To learn more, visit:

- Christopher Ricciuti 



Christopher Ricciuti is Vice President of Financial Services Archiving Solutions at Proofpoint, where he brings 10+ years of Financial Services industry experience. He focuses mainly on helping regulated organizations leverage next-gen communication technologies, such as social media, while maintaining regulatory compliance. Prior to Proofpoint, Christopher worked as a CTO on Wall Street and founded eDynamics, a social media compliance start-up. He holds an MBA from Babson College. 


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April 18, 2014

Q. How can a financial services firm comply with SEC 17a3-4 using Office 365?



A. Hold Everything

I received a number of follow-up questions to the post focused on Office 365 and its ability to address complex regulatory and eDiscovery needs  - several focused on the following:

“First, a simple question – do you work for a financial services provider? If yes, stop here. Office 365 and Exchange 2013 do not address requirements outlined by SEC 17a3-4 that outline how data must be stored immutably, or supervisory review requirements under FINRA. You should be engaging with archiving or data storage providers to address these requirements.”

It was pointed out to me that there is a way to achieve immutability (as required under 17a3-4) - simply use the Rolling Hold feature and place the entire organization on hold. Yes that's right, the entire organization and all of their data. Call me old fashioned, but this approach takes me back to the good ol' days when organizations did not need to be concerned about the unbounded data growth, when information was easy to find, and FRCP, FINRA, FFIEC were meaningless acronyms. Ah, the good ol' days!

There is a long list of reasons that this is neither an effective information governance nor compliance strategy, but let me attempt to summarize the Top 5 Reasons why financial services organizations should consider other strategies.

1. Information is doubling every 2-3 years, resulting in a gynormous volume of preserved data over time. Office 365 can partially address the storage cost explosion (although it would be interesting to see how this approach would impact licensing cost), but the task of searching and retrieving specific information amongst a large volume of information that should not be preserved grows exponentially. This will not bode well for timely response to a regulatory inquiry.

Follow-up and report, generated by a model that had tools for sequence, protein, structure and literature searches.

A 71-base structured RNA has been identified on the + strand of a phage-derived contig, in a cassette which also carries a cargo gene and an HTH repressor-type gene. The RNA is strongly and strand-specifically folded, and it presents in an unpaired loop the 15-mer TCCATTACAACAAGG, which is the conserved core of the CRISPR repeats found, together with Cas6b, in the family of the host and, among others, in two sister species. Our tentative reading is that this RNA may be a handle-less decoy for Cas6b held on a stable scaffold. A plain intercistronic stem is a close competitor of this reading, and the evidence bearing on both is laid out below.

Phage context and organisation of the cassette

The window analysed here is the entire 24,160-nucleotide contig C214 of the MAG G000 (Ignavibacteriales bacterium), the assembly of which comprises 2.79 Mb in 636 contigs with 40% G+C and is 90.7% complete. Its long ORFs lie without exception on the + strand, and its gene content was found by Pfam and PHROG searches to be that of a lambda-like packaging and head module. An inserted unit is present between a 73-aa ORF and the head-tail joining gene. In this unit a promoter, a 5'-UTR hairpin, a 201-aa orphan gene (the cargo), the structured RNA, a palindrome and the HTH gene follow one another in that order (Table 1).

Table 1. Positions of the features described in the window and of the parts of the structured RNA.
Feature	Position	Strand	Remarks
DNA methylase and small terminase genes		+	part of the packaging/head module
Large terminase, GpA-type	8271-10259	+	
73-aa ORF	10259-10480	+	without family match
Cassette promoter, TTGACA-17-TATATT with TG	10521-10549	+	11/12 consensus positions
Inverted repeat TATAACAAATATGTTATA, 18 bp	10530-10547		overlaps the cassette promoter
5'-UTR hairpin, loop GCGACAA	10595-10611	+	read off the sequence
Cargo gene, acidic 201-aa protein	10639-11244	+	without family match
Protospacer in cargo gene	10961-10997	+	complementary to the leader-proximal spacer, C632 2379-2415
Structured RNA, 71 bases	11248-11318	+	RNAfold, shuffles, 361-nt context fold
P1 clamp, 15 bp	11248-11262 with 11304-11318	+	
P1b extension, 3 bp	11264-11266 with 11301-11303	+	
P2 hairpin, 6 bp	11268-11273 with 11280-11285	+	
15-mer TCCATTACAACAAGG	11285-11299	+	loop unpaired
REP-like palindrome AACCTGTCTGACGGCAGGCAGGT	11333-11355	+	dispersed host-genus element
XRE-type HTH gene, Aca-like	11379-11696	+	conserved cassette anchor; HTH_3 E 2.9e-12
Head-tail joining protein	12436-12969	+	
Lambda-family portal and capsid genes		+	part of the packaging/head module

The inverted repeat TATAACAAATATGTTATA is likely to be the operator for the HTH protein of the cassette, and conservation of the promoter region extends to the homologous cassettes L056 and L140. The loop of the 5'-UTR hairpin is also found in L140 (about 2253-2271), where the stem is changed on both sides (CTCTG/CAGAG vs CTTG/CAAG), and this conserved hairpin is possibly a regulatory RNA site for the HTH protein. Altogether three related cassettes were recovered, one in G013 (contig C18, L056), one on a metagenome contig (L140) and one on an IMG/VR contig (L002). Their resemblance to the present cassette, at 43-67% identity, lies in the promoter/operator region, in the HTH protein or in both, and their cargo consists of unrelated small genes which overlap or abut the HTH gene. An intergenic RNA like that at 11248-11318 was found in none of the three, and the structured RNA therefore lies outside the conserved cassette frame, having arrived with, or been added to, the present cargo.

2. Preservation obligations are not uniform - multinational corporations must deal with a patchwork of data privacy and eDisclosure frameworks, so it is unclear how preserving all information from Germany-based users, as example, would work. Additionally, many legal teams have a well developed posture regarding risk stemming from over-preservation. This will not be an easy sell with many.

3. Financial service mandated retention rules are complex, granular, and evolving - With over 250 new rule sets mandated under Dodd-Frank, plus new rules issued by FINRA and FFIEC, regulatory complexity has never been higher. Consequently, most firms have multiple policies, and those policies are likely be change in the not too distant future. Simply attaining 'immutability' by preserving everything will only further complicate compliance processes that are already stretched to keep up.

4. Disposition complexity - information that reaches the end of its retention period, say 6 years, would need to be manually removed from rolling holds, unless they were subject to any other legitimate preservation order. For financial organization with an average of 20 active litigations per year, this would be an incredibly complex task to manage, even if Microsoft eventually develops some command line scripts to help manage this task.

5. SEC 17a-3-4 is only the beginning. Holding everything is a simple, brute force method to address some very specific provisions of 17a3-4 ( - for example, use of spinning media, processes to maintain integral data values, separation of primary and secondary data copies, etc.). Ultimately, only a financial regulator can determine if the “hold everything” approach is adequate. But it is just one set of requirements. Broker dealers need to provide capabilities for supervisory review under FINRA, firms using social media need to preserve that content under guidelines established by FFIEC... the list goes on and on. Immutable storage is one verse of the financial services compliance ballad.